FREDERICKTOWN — The Fredericktown Neighborhood Watch group held its quarterly meeting Saturday morning at Fredericktown High School and the theme was mental health and awareness.

School Resource Officer Ronny Flynn helped welcome guest speaker Tara L. Schultz, who is the Clinical Director for the Mental Health and Recovery Board of Licking and Knox Counties, and she gave a talk and a presentation about mental health awareness. She presented the audience of Fredericktown residents with clues, warning signs and indications of mental illness and how to deal with incidents if they presented themselves.

“When we think about mental health, a good place to start is thinking about how we would begin to identify someone who might have some mental health issues,” Schultz said. “When you think about what you would notice, what you would notice is behavior. But what we need to understand is that emotion and thinking obviously impacts people’s behavior. While somebody may appear angry, they actually may be depressed underneath. They may have other things going on underneath, but all we’re going to be able to notice is the behavior.”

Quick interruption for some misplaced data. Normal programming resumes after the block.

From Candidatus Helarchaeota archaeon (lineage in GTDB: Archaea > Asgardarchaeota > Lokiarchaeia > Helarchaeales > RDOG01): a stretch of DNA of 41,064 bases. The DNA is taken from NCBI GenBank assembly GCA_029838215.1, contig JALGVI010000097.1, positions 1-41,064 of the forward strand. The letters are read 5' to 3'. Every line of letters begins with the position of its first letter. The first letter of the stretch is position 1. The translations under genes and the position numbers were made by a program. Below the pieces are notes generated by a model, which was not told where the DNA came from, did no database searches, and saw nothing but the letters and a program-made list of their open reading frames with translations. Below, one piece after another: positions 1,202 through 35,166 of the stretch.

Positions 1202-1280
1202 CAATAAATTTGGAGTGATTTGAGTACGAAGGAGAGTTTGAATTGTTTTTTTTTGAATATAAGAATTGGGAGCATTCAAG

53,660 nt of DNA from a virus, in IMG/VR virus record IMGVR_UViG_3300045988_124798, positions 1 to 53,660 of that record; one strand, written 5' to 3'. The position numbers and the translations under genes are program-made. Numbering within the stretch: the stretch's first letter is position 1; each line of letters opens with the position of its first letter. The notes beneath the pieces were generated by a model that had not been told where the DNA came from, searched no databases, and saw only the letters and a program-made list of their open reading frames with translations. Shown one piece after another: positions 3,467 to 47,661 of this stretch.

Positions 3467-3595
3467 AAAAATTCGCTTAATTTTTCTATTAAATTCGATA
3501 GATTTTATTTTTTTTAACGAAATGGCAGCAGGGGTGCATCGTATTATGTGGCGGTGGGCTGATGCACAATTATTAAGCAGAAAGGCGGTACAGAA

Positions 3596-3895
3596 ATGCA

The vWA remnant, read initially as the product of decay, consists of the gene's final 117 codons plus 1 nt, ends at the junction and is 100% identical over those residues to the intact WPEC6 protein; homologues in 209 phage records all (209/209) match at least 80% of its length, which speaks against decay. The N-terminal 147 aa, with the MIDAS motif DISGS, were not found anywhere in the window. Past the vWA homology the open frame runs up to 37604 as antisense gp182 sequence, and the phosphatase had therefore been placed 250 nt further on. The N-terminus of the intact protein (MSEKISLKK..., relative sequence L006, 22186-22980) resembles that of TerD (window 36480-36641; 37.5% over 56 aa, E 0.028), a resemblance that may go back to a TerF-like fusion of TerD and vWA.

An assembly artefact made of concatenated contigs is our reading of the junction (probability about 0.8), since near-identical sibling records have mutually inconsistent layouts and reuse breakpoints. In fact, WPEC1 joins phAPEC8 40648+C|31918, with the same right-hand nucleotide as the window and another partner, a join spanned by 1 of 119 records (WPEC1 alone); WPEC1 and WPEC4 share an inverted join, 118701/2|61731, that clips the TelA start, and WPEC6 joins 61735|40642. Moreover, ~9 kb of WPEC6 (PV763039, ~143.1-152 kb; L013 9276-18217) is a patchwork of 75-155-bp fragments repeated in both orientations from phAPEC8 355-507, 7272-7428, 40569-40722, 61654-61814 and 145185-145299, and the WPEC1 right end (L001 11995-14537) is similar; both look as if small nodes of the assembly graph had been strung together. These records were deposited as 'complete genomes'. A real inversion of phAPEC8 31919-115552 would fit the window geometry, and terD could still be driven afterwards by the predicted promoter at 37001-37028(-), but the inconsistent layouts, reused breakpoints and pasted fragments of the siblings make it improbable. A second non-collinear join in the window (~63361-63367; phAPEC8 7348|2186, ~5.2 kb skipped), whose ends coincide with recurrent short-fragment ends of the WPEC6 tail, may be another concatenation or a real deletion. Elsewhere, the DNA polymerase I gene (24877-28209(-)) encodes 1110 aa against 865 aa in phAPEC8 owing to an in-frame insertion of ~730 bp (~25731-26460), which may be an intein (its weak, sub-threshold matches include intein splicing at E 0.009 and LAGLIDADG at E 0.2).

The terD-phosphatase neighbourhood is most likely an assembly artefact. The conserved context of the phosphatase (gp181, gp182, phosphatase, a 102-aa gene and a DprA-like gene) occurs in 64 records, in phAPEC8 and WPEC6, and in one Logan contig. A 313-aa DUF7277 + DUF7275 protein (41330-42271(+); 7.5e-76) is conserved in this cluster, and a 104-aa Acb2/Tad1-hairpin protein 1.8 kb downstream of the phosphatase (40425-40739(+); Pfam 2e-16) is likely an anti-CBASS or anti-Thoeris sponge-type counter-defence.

Schultz touched on a variety of topics, including substance abuse and the connection between traumatic experiences, drug use and mental health issues.

“Trauma is something that we’ve really come to be aware of how much of an impact this has on folks,” Schultz said. “We’ve come to understand that the impact has huge ramifications for their whole lives. So a lot of that understanding helped people understand some of these things.”
Schultz then explained to the group that the more educated a group is about mental health, the more it can have a positive impact when you look at different areas where one can become that positive adult person for kids and younger people.

There are many different resources in Licking and Knox County to address mental health issues, such as Crisis Intervention Training for law enforcement, which has a module on kid’s mental health; Knox County Overdose Response Team and there is a mental health first aid course that is an eight-hour class on how to recognize and react to a mental health crisis.

More information can be found at


John Wareham: 740-397-5333 or and on Twitter, @mountvernonnews



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